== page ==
The group was asked to suggest phonological peculiarities specific to one's native language. Inasmuch as the non-native speakers of English in this group are better at diagramming the peculiarities of my own speech far better than I could, I'll not directly answer the question. Rather, I'll offer something slightly different.
Some 20 or 30 years ago, I read something, somewhere, that a very large number of Americans of the 1960s and 70s could speak directly of a foreign-born ascendant at least thru family stories; if not a grandparent, it would be at least a set of great-grandparents. This is a fair observation. In my own case, my father's parents were born in Norway; on my mother's side, her maternal grandfather was born in England.
The greatest period of US immigration was the 1890s until the 1920s, which marks the enactment of much more restrictive immigration laws. Millions upon millions came. This was the greatest migration in human history.
The emphasis, the pressure was to assimilate, and especially, to become fluent in English. Most of these immigrants learned their English from a book. My observation, then, is that for perhaps a majority of us Americans, the influence of 'book-English' underlies much of what we speak today. Our ancestors learned their English words in print first, and the pronunciation of these words is based on the spelling of these words. While the vowels are perverse, the consonants are rather regular. As a rule, we Americans tend to hit every last consonant as it's spelled, and not how 'real' native-English-speakers in the UK or the Southern US would treat the consonant.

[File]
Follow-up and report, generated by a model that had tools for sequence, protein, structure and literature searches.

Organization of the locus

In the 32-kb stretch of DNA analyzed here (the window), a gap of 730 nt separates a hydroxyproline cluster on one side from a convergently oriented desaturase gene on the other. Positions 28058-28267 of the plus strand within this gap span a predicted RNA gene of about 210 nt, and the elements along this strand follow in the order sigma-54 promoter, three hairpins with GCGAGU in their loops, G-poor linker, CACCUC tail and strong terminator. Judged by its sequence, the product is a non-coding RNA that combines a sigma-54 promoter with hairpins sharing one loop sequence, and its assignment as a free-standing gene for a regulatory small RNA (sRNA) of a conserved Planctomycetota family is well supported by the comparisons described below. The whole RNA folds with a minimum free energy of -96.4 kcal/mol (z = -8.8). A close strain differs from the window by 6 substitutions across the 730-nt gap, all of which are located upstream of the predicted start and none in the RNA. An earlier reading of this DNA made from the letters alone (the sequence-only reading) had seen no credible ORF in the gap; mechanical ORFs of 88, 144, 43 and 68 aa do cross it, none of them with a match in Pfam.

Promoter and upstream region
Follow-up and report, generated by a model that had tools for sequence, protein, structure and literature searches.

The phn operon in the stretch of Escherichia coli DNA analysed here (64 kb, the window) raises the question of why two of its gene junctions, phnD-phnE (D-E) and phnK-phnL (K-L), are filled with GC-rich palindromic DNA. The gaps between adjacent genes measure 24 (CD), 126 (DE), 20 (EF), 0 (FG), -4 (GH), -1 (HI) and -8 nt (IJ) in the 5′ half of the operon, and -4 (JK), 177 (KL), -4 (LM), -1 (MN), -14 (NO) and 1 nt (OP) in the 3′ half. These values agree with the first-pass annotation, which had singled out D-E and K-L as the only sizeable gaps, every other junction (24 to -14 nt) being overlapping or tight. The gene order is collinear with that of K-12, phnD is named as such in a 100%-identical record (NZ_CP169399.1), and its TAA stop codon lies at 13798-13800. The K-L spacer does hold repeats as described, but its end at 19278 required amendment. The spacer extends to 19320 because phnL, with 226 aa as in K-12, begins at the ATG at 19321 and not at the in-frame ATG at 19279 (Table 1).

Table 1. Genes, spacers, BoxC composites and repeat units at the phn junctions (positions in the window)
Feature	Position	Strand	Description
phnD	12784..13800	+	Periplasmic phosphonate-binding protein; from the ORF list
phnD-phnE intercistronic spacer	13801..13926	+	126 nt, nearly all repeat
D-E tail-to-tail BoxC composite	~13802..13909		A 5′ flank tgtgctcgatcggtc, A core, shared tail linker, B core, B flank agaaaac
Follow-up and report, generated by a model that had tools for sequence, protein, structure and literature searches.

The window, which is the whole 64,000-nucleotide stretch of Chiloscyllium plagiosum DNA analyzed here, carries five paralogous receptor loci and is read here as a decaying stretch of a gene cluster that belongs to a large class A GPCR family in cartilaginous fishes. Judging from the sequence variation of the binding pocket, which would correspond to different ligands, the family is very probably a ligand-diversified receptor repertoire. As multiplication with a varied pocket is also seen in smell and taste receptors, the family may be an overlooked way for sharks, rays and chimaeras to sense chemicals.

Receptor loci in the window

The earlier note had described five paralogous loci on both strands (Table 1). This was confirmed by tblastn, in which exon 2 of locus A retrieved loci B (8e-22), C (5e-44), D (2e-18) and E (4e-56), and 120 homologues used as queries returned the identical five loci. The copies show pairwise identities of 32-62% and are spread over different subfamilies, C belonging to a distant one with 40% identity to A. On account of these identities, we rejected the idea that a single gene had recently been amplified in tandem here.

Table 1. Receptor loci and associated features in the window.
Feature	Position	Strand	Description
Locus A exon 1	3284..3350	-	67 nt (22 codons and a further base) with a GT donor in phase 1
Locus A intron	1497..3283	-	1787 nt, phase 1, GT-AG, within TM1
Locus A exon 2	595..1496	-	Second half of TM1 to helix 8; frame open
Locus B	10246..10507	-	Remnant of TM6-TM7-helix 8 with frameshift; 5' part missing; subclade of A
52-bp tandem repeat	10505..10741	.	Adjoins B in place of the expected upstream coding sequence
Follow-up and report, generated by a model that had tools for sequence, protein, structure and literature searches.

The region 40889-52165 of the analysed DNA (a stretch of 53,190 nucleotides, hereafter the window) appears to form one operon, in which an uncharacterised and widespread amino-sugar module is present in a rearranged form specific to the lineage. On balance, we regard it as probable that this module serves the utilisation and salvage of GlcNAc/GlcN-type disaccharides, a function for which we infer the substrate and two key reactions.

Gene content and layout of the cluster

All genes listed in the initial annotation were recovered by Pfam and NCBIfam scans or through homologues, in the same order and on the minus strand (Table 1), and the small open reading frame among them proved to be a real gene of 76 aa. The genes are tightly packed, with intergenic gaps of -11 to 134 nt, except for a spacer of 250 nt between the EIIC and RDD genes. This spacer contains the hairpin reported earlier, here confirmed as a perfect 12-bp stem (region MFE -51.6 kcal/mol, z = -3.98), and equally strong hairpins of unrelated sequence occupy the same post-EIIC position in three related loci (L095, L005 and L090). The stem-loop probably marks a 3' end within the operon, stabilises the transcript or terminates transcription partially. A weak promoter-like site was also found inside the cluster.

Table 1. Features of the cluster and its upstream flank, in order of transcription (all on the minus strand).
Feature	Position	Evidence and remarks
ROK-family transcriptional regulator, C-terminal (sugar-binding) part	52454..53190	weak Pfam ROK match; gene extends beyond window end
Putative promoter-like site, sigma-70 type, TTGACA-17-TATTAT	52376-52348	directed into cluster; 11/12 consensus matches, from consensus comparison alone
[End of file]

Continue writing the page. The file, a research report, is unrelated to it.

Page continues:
R and L are treated differently in British and Southern English. 'Semivowel' seems to be the word. But for those who learned it from the book, it was a consonant, painfully learned, painfully pronounced, but given a rather full consonantal value -- and their grand- and great-grand-children follow their speech patterns.
There is no real parallel for this phenomenon in any other language. We are speaking of how the *written* representation of a language fundamentally influences the speech patterns of its speakers.  The nearest parallel might be what is happening in North Africa, where Arabic is replacing the Berber languages, but this is a long term process, not the single generation language-switch found in the US. 
If you tilt your head just so, it's possible to say that American English can be described as 'native-speaker E2L'.